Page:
Egypt minister denies Pyramid at risk during restoration
Critics say slammed the minister for re-hiring a company they said was responsible for previous damages to the pyramid
Egypt’s minister of antiquities has denied claims that the Pyramid of Djoser was at risk of damage during its restoration, accusing the Muslim Brotherhood of spreading “rumors” to damage the reputation of his ministry.
Last week, online activists criticized Mamdouh al-Damati for re-hiring a company which they claim has caused damage and major deterioration to the structure of the Pyramid while trying to repair it.
“The [renovation] company and officials of the Supreme Council of Antiquities committed a full-fledged crime,” Amir Gallal, one activist was quoted as saying by the Cairo-based daily al Masry al-Youm.
Damati told Al Arabiya News on Wednesday that the critics, which mainly include the so-called Archeologists against the Coup, are pro Muslim Brotherhood and ousted Islamist President Mohammad Mursi.
“They are against the current regime; they are trying to create chaos in the country,” the minister said. “They spread this rumor that took much more space than it should have had.”
“This Pyramid has been here for more than 4,000 years and will be there for 4,000 years more,” he added.
He defended the restoration company, known as Shurbagy, as well as the group of archeologists and specialists in charge of the restoration.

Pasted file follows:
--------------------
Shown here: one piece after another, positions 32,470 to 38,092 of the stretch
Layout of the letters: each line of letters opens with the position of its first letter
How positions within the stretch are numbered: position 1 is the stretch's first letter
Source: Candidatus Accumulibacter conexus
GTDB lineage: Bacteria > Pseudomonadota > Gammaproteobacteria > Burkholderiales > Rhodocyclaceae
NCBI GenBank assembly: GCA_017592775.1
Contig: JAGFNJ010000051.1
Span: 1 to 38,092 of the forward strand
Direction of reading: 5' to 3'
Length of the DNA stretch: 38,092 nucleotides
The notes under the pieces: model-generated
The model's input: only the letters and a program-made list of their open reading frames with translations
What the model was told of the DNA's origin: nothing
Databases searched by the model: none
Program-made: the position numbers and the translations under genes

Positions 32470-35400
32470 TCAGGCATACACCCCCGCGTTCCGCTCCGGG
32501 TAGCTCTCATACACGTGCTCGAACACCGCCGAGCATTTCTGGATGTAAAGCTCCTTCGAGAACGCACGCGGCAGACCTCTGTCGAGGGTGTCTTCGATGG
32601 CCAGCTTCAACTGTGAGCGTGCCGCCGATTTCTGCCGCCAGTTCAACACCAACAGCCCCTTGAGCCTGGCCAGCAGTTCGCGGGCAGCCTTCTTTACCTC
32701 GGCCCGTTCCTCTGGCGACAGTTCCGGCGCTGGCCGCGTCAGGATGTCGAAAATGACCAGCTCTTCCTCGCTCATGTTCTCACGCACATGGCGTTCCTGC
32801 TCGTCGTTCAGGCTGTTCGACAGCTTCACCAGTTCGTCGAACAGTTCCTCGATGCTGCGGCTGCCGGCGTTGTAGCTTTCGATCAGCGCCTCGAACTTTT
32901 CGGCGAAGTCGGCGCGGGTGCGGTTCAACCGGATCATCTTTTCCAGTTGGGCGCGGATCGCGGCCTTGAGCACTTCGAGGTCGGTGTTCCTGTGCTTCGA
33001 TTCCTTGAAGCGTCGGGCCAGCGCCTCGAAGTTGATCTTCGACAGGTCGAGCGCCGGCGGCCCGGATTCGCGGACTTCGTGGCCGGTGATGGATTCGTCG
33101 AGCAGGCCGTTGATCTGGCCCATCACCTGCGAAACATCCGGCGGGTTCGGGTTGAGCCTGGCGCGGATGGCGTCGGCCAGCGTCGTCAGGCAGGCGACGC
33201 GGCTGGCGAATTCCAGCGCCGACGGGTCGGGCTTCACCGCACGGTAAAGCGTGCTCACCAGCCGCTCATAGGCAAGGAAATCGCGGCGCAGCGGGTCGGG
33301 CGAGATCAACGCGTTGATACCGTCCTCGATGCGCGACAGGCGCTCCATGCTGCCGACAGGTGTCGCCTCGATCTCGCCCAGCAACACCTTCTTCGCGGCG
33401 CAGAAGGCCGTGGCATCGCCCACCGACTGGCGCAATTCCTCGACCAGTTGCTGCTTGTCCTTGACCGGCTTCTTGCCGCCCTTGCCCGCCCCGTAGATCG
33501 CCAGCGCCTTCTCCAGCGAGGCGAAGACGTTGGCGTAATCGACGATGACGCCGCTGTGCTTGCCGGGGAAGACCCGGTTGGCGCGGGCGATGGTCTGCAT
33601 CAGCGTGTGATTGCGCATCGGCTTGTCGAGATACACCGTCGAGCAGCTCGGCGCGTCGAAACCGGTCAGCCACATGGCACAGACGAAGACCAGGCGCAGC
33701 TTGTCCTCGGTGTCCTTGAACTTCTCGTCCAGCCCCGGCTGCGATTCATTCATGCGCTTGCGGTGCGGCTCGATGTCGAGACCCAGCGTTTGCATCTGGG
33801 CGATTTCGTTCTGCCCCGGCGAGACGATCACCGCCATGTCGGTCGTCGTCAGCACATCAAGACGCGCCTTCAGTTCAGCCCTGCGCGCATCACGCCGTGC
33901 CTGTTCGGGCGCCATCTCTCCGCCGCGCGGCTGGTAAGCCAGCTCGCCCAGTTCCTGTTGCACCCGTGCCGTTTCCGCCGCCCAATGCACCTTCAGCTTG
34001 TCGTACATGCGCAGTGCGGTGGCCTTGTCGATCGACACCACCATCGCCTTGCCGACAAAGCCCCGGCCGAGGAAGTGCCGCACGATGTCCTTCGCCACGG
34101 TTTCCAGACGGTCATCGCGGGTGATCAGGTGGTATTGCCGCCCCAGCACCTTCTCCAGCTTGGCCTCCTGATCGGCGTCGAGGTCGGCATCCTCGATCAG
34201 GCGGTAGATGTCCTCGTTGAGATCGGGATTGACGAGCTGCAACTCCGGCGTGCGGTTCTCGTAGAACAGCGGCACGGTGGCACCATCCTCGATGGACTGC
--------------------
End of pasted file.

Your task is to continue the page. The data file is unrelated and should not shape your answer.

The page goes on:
Mustapha al Ghamrawi, the supervisor of the interior renovation of the Pyramid, told Al Arabiya News: “Experts from the UNESCO have previously written a positive report on the conditions and safety of the restoration process of the Pyramid of Djoser.”
He said the restoration process has been slowed down recently due to the shortage of funds.
“We can’t know how long exactly the whole process will take as it depends on the funds accumulated from tourism,” Ghamrawy said, adding that an accentuated drop in tourism revenues affected the process.
Tourism revenues fell by 24.7 percent to around $3 billion in the first half of 2014, the Ministry of Tourism said in August. In 2013 the revenues dropped by 41 percent to $5.9 billion, according to Al Ahram Online.
The Pyramid of Djoser, also known as the step Pyramid, was built during the 27th century BC and is the oldest pyramid in the world.
It was constructed from limestone for Pharaoh Djoser, who ruled from 2686–2613 BC.
The monument has undergone many restoration projects following an earthquake in 1992 that left a dome-shaped hole in the roof.
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